An independent COVID-19 modelling group says hospitalizations from COVID-19 are projected to overwhelm hospital capacity in British Columbia by May, unless rigorous restrictions are put in place.
The B.C. COVID 19 Modelling Group is made up of a range of academics from Simon Fraser University and the University of British Columbia and has support from the Pacific Institute for the Mathematical Sciences.
Sarah Otto, a UBC professor and a member of the group, has previously warned that the province is under-reporting its COVID-19 variants.
She says transmission of the virus must be reduced by roughly 40 per cent from the levels seen in March to help health authorities control case growth.
The group also projects cases of variants of concern to rise to nearly 2,000 a day by late April.
Otto says this isn’t the COVID we know from last year, because the new variants are three to five times more likely to land a person in hospital.
“That spike is going to overwhelm hospitals and (intensive care unit) capacity before we have time to get our vaccines rolled out unless we bend this curve,” she said in an interview, referring to reducing the rate of virus transmission.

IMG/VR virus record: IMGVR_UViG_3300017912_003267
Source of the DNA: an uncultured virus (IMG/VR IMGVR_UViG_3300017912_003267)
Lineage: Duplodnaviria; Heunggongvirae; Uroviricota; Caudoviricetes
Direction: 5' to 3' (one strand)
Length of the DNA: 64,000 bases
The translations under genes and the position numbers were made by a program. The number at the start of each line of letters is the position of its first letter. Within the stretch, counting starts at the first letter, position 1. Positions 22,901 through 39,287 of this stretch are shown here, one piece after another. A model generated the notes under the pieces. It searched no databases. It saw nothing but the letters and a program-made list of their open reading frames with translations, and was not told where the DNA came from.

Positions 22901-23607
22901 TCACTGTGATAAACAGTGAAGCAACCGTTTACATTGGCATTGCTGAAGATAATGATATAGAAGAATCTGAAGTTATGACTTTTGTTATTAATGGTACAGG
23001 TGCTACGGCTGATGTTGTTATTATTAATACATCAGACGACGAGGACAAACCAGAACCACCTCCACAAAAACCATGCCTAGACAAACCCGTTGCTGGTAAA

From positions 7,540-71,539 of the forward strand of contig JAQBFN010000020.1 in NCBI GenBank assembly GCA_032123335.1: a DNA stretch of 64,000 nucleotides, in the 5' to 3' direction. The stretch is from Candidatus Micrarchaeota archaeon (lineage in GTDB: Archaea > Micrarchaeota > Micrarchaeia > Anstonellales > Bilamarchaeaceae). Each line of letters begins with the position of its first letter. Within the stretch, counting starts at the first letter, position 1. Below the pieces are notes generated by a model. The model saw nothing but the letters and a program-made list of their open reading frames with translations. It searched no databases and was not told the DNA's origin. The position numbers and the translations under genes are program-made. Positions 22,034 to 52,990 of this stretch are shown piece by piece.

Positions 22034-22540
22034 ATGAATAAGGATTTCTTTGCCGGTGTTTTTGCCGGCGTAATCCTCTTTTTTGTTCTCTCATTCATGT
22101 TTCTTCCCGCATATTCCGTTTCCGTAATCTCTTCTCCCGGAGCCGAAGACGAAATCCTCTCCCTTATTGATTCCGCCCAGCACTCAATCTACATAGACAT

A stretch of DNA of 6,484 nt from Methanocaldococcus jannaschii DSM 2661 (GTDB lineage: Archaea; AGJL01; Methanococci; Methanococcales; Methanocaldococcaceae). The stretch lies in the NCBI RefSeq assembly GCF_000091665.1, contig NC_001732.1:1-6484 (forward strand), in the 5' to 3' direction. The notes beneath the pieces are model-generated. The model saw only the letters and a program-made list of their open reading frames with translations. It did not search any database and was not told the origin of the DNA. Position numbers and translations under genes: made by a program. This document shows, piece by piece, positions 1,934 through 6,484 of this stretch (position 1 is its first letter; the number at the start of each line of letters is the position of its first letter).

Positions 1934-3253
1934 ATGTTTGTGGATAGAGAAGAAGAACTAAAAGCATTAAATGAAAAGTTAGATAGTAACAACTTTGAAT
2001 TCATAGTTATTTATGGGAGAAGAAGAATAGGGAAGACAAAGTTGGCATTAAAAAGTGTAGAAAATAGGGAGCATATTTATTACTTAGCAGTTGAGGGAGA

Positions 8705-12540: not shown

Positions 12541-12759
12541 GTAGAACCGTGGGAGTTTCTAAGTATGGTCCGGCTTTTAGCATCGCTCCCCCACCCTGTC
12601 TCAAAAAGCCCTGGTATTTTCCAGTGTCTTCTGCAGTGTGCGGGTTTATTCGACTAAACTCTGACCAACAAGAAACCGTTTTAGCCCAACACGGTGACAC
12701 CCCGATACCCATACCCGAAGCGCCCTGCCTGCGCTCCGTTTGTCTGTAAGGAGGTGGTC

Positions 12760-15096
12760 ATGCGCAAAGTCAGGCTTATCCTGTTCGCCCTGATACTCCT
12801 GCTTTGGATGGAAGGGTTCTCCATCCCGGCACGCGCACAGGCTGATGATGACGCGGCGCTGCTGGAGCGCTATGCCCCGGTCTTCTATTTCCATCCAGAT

The province reported Wednesday that 397 people are in hospital due to the virus, surpassing a previous high of 374 seen in December.
British Columbia reported 1,168 new COVID-19 cases, bringing its total number to 114,870. There are 9,821 active COVID-19 cases, along with six new deaths.
Otto said B.C.’s vaccination program also needs to target those with the most contacts to both reduce infection and hospitalization rates over the next two to three months.
B.C. had administered almost 1.2 million doses of the vaccines as of Wednesday.
“We really have to hold off on our collective activity for a couple more months and let the vaccination rollout play out,” Otto said. “The loosening up I think a lot of people were starting to do, it’s just not the right time.”
Rapid testing, along with targeting vaccinations to hot spots and members of the population most at risk, could reduce the spread of variants, Otto said.
In particular, rapid testing could improve B.C.’s contact tracing efforts, which could better identify areas of transmission, she added.
Health Minister Adrian Dix and provincial health officer Dr. Bonnie Henry said in a joint statement that all those eligible to be vaccinated should do so.
“This not only protects you, but also provides greater protection to everyone around you,” they said.
The warning from experts comes after B.C. Premier John Horgan said Tuesday that his cabinet would be considering further restrictions.
The B.C. Restaurants and Food Association said it was informed by Henry that current dine-in restrictions would likely be extended past April 19 and into May.
The association said in a release that members were told the rise in B.C.’s COVID-19 cases was given as one of the reasons for the extension of closures.
Nick Wells, The Canadian Press
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